Israel's two would-be prime ministers began meeting with possible coalition partners today as the country prepared for weeks of squabbling to resolve last night's inconclusive election, Haaretz reports. With 99% of the votes counted, Tzipi Livni's centrist Kadima has won 28 seats in the 120-member parliament, while Benjamin Netanyahu's hawkish Likud has 27.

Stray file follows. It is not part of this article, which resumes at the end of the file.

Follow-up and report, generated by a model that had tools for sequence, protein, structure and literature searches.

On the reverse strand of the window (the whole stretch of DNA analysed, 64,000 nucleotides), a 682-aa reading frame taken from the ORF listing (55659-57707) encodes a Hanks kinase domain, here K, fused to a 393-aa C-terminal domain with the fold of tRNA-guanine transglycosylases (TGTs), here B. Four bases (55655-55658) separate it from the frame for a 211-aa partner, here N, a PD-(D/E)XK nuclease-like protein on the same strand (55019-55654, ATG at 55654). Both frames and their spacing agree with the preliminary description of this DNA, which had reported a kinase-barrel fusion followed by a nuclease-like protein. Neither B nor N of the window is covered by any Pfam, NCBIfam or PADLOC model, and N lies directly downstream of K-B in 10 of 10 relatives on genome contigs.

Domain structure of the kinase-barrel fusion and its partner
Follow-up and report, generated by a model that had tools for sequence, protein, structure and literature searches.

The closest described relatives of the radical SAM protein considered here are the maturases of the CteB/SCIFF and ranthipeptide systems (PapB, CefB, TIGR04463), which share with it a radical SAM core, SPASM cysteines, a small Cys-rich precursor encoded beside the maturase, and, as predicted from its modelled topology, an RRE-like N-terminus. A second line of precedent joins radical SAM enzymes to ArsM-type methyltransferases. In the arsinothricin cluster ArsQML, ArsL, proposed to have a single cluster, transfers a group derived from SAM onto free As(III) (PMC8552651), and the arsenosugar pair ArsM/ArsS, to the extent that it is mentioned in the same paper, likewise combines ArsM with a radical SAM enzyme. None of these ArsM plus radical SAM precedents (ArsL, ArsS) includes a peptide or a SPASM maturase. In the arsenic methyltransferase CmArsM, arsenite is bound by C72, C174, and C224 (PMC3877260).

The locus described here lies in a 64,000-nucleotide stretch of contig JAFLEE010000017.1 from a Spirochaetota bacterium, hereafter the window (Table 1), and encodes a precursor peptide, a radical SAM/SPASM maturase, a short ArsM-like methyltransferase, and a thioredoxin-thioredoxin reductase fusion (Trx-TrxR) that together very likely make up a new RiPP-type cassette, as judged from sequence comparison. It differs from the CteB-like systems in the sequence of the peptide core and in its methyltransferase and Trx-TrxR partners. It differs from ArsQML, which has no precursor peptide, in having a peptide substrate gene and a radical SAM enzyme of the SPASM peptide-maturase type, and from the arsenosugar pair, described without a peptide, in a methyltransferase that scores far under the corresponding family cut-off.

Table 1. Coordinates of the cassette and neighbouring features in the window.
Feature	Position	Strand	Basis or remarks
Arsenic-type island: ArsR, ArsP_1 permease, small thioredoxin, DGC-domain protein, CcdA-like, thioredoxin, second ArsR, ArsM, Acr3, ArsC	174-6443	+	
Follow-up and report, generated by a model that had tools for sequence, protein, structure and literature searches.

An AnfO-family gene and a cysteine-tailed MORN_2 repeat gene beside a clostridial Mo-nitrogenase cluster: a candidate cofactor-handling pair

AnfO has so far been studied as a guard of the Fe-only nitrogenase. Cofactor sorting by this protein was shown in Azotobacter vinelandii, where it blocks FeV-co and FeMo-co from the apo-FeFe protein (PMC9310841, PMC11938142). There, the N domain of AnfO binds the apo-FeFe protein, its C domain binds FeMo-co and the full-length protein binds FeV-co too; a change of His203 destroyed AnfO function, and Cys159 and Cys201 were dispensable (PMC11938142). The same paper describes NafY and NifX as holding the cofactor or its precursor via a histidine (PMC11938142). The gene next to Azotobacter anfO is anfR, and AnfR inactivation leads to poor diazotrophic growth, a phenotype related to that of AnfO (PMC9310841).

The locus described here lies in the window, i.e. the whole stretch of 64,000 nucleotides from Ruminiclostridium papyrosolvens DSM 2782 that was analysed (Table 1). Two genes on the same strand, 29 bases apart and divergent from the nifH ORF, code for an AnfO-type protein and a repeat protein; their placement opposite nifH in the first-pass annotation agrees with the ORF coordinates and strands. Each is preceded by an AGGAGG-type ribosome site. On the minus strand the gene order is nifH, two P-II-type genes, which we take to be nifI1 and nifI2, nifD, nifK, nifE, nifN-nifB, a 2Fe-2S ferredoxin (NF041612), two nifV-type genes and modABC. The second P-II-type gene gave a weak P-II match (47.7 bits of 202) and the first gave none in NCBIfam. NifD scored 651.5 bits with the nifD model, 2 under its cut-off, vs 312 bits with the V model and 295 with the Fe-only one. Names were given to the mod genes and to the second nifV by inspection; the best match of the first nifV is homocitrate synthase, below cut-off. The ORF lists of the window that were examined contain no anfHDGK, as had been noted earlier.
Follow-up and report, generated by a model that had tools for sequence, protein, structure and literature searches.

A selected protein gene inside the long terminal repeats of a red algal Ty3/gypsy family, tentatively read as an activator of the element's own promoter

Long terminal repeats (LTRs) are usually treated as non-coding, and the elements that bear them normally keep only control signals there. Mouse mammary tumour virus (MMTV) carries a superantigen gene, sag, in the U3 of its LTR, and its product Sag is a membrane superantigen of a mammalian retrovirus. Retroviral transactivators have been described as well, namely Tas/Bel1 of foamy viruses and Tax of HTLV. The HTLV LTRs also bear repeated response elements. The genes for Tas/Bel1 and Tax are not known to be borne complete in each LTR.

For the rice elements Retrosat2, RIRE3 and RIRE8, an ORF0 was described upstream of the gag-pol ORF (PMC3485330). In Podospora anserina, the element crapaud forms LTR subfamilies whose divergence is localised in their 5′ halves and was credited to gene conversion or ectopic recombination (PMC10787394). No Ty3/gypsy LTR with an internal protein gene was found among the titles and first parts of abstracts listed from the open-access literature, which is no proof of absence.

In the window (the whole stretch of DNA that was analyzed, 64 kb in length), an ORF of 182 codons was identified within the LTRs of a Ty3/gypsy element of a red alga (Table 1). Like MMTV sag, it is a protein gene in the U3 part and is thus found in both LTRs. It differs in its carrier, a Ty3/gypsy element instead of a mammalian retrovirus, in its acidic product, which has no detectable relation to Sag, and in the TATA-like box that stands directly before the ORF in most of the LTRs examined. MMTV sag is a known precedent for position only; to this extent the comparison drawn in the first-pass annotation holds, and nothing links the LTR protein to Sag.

But right-wing parties fared better than left-wing ones, meaning it might be easier for Netanyahu to form a government. This morning he meets with far-right leader Avigdor Lieberman, whose party came third at the polls with 15 seats. Lieberman is reportedly keeping his options open, although he has said he prefers a "nationalist" government. A coalition government is also possible—although who would lead that coalition remains unclear.
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